Instructor Bauer.

ES 541 Coastal Processes (4 credits, Spring)

Prereq: ES 331, or consent of instructor. Shorelines as functions of tidal and wave energy; onshore, offshore, and alongshore sediment transport from theoretical and empirical viewpoints; barrier island, backbarrier, and tidal inlet morphology and processes; wave dynamics; tides. Two hours lecture, three hours lab/fieldwork.
Instructor: FitzGerald

GE 550 Modeling Environmental and Social Systems

Requires stamped approval. Prereq: CAS GE 304, CAS EC 414, or consent of instructor. Techniques of organizing energy, environmental, or social systems into mathematical computer models. Includes the theory underlying different modeling techniques, programming skills, and a hands-on research project in which students develop their own models.

GE 555 World Oil Markets

Prereq: EC 101 or another microeconomics course. Cover the supply chains in international oil markets. For each stage of the supply chain, Kaufmann will describe the relevant theory from geology, economics, and politics and how they interact to generate real-world behavior.

ES 561 Mechanics of Earthquakes (4 credits, Fall)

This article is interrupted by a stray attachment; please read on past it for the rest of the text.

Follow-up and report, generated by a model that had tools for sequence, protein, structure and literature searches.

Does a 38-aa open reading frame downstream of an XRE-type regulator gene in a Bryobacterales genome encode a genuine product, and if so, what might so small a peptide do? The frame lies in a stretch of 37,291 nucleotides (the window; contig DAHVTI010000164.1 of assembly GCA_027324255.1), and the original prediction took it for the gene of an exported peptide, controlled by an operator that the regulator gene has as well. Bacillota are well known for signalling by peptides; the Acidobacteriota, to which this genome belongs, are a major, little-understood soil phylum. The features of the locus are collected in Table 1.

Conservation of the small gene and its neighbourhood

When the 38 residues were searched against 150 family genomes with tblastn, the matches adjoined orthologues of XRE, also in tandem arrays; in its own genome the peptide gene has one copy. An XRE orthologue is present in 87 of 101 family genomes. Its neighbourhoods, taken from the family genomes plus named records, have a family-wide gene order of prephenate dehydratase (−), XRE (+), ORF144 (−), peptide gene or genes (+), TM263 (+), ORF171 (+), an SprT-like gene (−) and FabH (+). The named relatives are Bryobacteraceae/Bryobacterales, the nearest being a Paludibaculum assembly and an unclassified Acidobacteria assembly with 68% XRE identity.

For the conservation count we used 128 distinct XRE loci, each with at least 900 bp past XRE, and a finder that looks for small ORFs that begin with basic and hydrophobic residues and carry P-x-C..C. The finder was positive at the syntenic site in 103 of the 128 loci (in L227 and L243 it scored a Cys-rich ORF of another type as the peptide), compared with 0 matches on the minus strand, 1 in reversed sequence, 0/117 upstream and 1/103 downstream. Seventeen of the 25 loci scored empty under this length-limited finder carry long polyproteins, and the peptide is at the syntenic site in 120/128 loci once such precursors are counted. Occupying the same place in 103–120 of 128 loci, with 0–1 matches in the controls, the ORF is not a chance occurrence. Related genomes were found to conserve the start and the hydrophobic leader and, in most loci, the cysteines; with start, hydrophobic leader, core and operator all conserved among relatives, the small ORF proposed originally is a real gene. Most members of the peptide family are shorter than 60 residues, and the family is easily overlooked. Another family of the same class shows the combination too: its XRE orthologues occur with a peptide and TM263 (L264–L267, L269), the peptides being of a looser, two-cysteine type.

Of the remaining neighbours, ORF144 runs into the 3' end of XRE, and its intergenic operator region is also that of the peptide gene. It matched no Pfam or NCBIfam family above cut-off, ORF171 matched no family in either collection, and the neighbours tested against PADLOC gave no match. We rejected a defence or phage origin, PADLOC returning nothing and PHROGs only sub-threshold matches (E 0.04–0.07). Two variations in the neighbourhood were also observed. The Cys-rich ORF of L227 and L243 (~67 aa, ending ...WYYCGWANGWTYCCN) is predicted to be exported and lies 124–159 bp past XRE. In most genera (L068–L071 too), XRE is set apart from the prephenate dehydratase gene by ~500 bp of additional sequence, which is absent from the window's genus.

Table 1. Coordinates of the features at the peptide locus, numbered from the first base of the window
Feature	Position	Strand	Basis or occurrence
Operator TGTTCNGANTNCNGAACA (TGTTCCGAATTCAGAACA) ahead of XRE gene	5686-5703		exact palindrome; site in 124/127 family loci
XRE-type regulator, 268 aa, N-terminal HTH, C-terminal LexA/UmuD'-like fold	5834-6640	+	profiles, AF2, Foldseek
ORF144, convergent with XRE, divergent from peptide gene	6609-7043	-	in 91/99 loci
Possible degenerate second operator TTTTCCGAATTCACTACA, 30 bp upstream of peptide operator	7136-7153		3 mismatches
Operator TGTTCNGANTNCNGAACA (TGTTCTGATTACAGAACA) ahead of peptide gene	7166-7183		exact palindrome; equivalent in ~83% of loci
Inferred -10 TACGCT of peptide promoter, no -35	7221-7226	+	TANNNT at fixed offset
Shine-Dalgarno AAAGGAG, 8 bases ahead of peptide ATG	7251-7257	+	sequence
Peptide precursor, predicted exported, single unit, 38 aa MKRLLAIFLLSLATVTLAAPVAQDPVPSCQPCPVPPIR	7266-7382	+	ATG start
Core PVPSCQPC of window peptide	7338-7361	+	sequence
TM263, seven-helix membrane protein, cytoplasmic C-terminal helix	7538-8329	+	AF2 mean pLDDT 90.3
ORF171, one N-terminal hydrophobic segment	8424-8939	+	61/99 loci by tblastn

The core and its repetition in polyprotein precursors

Prereq: ES 360 and PY 211/212 or equivalent, or consent of instructor. Explores current understanding of many aspects of earthquake phenomena, including where and when earthquakes occur, how an earthquake begins, and the likelihood of reliable earthquake prediction. Multidisciplinary techniques used to study earthquakes are introduced, including geologic, geodetic, and seismological methods.
Instructor: Staff

ES 571 Geochemical Modeling (4 credits, Fall, offered alternate years)

Prereq: ES 222, ES 371, CH 102, and MA 124, or consent of instructor. Quantitative techniques used to interpret chemical variations in earth materials. Principles of chemical equilibrium, mass transport, and kinetics applied to aqueous, igneous, and metamorphic systems. Focus on geological processes of melting, crystallization, mixing, reaction, weathering, and diagenesis.
Instructor: Baxter, Kurtz

ES 573 Analytical Methods in Geochemistry (4 credits, Fall, offered alternate years)